Hungry ants knock out FiOS service … again

062414blog cable3

Everyone keeps asking if the ants actually ate their way through the fiber optic cable and I do not know the answer. What is certain is that they chewed through the outer casing and caused enough damage to knock out TV, phone and Internet service to my house: the Verizon triple no-play.

I also know that it takes about five years for ants to accomplish such a task, because the same thing happened in June 2009.

The box housing the cable splice that brings FiOS into my home is located across the street about five feet up on a utility pole. When the Verizon technician opened the box it was filled with hundreds of ants (I had actually forgotten about the earlier ant episode, but he clearly expected them to be there). And when he shooed away enough of the critters to get a look inside, the red glow of a stripped fiber optic cable was clearly visible.

The technician says the ants are attracted to a jelly-like substance used in the casing.

If you’re thinking that sounds implausible, here’s a paper (.pdf) that documents the problem of ants interacting with telecommunications equipment. Be forewarned that some of the pictures are gross.

That box wasn’t the first place the technician looked to find the source of the problem, due in large part to my faulty memory. Five years from now – when another bunch of ants have had their fill -- I’ll save us both some time.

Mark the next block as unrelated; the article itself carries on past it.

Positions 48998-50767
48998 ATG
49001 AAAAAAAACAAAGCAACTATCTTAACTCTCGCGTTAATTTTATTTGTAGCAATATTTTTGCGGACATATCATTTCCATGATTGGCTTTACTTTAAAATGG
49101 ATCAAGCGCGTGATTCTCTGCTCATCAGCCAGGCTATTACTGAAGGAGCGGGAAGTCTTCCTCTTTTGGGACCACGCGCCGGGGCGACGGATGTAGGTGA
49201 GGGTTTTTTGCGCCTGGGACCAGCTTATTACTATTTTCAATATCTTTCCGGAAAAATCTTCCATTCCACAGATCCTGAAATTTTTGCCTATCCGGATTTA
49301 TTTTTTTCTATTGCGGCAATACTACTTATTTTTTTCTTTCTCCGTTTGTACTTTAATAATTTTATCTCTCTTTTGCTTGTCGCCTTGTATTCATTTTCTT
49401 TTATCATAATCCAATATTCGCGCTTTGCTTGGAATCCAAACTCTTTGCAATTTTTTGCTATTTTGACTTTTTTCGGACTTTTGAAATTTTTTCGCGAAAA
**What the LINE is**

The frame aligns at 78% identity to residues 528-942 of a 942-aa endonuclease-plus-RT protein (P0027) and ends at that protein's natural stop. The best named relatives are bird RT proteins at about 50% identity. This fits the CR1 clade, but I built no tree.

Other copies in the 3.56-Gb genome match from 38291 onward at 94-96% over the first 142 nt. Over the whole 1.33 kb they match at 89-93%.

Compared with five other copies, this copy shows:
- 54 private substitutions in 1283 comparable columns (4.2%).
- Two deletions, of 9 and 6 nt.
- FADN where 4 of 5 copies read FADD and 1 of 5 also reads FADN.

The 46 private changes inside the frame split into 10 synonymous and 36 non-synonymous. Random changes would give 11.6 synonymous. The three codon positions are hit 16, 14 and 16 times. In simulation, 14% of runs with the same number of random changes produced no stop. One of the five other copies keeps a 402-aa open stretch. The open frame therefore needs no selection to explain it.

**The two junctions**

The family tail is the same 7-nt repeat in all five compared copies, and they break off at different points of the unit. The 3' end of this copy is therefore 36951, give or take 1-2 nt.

(Update: Reader J.H. writes: "It's not just the jelly, but the cleaner used to clean the jelly to terminate the fiber, which is a natural orange-based degreaser and hence the ants. Back in the 90s, when we were first trying to deploy fiber, we also ran into a problem where termites were attracted to the heat, and certain times of the year, would drag a damp body across a reset lead. Outside plant has lots of challenges.")

(Update 2: Reader M.K. of Las Vegas offers this advice: “You might want to try using Tree Tanglefoot at some point around the cable below the service box. I use it around the base of a tree in my yard to keep ants out of my hummingbird feeder. It works great. I live in southern Nevada and the product stays sticky and effective even after an entire summer of direct and brutally hot sunshine.” … The box is not on my property, but can’t imagine my neighbor would object.)

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